In her short life, Margaret Fuller, whose thoughts and writings inspired leaders of the women’s movement, was a literary critic, free thinker, Transcendentalist leader, editor, teacher and women’s rights author.
Fuller, well-educated and driven by boundless intellectual curiosity, was captivated by the Transcendentalist movement in New England, and became a colleague of Emerson, Bronson Alcott and other movement leaders while she taught. She became the editor of The Dial, the Transcendental journal, and advocated the philosophy of liberation and fulfillment of the highest potential of all human beings — including women.
From 1839 to 1844 she held her series of “Conversations” for women in Boston, encouraging women to think and talk together about ideas. These dialogues led Fuller to write her most important work, Women in the Nineteenth Century (1845), considered a classic work of American feminist thought that had a profound influence on the Seneca Falls Women’s Rights gathering in 1848. The book’s message was that women must fulfill themselves as individuals, not subordinates to men. She wrote, “We would have every arbitrary barrier thrown down. We would have every path laid open to woman as freely as to man….then and then only will mankind be ripe for this, when inward and outward freedom for woman as much as for man shall be acknowledged as a right, not yielded as a concession.”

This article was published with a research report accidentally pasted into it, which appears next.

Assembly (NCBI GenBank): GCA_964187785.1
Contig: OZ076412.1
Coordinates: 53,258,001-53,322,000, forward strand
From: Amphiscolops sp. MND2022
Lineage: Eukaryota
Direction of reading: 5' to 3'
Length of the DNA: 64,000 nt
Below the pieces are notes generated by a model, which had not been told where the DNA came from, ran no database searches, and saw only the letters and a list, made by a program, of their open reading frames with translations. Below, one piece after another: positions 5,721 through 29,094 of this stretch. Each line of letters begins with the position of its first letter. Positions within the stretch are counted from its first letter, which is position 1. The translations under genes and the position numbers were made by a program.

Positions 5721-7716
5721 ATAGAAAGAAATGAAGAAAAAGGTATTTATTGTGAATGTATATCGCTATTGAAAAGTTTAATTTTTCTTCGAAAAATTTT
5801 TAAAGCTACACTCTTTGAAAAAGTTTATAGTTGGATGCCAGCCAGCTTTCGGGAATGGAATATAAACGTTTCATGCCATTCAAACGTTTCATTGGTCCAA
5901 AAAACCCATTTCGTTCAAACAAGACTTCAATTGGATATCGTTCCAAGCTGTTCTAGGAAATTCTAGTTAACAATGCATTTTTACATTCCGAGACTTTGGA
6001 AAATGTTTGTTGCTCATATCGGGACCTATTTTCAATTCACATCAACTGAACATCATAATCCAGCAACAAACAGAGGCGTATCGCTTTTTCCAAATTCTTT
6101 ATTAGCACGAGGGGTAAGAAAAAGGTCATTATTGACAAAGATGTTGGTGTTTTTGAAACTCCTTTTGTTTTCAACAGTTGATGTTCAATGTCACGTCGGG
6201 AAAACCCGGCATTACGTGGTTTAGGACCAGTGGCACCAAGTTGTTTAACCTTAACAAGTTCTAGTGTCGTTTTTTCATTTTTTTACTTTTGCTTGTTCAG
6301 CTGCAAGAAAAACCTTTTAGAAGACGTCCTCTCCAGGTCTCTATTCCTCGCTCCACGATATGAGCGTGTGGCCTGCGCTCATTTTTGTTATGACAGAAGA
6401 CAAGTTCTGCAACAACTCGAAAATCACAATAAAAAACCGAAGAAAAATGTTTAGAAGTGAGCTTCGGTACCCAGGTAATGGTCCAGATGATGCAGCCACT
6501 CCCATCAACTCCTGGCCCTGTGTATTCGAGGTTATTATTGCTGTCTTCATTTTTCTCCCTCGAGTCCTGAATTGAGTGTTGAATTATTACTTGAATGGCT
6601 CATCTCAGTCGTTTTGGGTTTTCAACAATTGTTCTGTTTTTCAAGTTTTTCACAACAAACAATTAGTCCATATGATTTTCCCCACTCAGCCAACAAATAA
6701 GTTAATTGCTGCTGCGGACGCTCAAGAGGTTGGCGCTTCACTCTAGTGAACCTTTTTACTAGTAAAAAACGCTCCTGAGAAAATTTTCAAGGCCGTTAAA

Fuller was recruited by publisher Horace Greeley in 1844 to become the literary critic for his New York Tribune, and in 1846-47 she traveled as a foreign correspondent in Europe, where she became friends with Thomas Carlyle, Giuseppe Mazzini, George Sand and many other intellectual and political leaders.
She fell in love with an Italian revolutionary and was caught up in that nation’s political situation, not sailing for home with her husband and son until 1850. She and her family drowned off Fire Island in the wreck of the ship returning her to America.
Throughout her relatively short life, Margaret Fuller pursued both knowledge and experience with boundless energy and a brilliant mind, having a strong influence on generations of women to come and fulfilling her own statement that “Very early, I knew that the only object in life was to grow.”